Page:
TORONTO – A Canadian military adviser who served in Afghanistan during a bloody October battle against the Taliban has been charged with second-degree murder in the death of an unarmed Afghan man, defense officials said Friday.
Capt. Robert Semrau is accused of shooting the man "with intent to kill" in Helmand province, where Afghan soldiers, their Canadian officers and British troops had been defending the capital of Lashkar Gah from persistent attacks by insurgents, the Department of National Defense said in a statement.
As a member of the Operational Mentor and Liaison Team (OMLT), the Canadian military unit that coaches the fledgling Afghan National Army, Semrau's responsibilities included helping to guide and counsel Afghan troops military tactics and the rules of war.
The Canadian Forces National Investigation Service, the major crimes unit of Canada's military police, charged Semrau on Wednesday, the defense department said — the same day it revealed it was probing a death that took place in Helmand "on or about" Oct. 19.
Semrau is being held by military police before being returned to Canada, where a military judge will decide whether he should remain in custody.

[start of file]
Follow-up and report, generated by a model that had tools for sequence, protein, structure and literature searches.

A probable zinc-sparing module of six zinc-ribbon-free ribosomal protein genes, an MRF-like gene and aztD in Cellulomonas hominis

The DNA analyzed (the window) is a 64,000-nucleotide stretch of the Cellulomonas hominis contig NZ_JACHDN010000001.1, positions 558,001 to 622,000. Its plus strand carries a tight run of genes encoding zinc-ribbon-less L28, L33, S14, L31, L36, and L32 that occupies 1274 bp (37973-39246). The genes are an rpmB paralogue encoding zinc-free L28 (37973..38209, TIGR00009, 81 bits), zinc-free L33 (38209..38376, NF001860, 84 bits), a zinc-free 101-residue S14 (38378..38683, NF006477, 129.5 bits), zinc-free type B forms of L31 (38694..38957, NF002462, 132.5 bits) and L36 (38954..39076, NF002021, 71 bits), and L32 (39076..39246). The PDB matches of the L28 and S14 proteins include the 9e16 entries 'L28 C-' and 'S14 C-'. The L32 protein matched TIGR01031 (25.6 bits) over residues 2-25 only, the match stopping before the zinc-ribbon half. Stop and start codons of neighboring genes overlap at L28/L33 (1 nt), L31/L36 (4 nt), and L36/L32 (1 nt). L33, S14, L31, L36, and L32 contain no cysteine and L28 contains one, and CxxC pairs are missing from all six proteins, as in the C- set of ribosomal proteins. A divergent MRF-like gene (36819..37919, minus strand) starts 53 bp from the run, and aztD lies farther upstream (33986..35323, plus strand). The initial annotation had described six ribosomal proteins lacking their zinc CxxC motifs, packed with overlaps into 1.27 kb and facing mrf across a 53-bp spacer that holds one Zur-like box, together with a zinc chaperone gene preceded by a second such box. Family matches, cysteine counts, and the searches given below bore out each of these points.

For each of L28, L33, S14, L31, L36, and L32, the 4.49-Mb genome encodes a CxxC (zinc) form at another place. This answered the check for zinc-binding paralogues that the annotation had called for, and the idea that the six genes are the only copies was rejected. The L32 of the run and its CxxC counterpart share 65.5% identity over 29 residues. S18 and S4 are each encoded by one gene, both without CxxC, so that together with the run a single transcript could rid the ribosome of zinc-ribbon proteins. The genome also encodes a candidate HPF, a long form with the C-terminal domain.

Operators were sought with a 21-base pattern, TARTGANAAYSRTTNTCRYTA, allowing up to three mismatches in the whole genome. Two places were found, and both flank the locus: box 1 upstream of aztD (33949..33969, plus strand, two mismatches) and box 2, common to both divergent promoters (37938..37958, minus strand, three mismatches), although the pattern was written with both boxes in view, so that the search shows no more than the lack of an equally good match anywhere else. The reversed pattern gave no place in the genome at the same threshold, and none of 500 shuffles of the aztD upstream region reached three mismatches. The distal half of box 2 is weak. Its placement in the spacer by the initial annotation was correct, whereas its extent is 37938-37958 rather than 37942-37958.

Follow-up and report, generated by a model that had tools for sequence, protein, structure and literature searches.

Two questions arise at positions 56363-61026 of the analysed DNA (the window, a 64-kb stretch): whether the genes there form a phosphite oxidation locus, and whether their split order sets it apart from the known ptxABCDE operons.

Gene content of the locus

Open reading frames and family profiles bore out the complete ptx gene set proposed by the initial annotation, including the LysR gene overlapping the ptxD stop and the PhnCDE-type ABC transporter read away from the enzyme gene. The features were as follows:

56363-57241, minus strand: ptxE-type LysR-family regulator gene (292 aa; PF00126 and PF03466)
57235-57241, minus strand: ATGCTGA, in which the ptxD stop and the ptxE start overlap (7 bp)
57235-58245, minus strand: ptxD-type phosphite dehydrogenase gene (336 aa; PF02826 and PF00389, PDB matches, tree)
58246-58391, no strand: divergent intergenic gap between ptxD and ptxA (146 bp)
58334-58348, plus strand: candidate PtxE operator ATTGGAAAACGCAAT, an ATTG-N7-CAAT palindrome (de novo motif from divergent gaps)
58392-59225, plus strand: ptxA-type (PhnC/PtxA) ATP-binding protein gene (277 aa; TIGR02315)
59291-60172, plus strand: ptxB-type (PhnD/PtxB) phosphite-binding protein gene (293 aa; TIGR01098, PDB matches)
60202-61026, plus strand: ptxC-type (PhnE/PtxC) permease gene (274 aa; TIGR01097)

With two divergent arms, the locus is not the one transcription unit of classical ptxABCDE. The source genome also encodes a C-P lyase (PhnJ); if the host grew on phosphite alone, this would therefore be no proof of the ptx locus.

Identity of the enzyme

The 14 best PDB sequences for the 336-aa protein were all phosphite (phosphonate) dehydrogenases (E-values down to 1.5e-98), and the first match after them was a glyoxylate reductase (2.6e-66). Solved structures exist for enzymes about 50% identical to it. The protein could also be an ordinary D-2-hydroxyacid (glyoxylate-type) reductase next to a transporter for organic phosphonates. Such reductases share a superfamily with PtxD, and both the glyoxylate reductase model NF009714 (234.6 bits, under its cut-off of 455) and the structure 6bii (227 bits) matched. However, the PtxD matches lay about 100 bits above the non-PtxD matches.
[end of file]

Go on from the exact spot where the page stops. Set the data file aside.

Military officials at Kandahar Airfield refused to elaborate on a news release issued Friday by the Department of National Defense.
At the time of the incident, Semrau was among several Canadian military advisers who were in Helmand for the bloody three-day defense of Lashkar Gah. Also taking part were British forces, who are deployed extensively in Helmand.
Afghan and foreign troops eventually retook the Nad Ali district center, which had been held by insurgents, after a three-day fight. That battle, which also involved air strikes, ended Oct. 18. Afghan and NATO officials claimed at least 100 Taliban died in the fighting.
Afghanistan's ambassador to Canada, Omar Samad, said the allegation should not taint all the work done these past few years by Canadian military advisers.
"One needs to put this in context, which means that the training and mentoring provided by Canadians so far has been exemplary," he said.
"Like in any other situation, there may be some flaws or some mistakes that are made, and this may be one of them."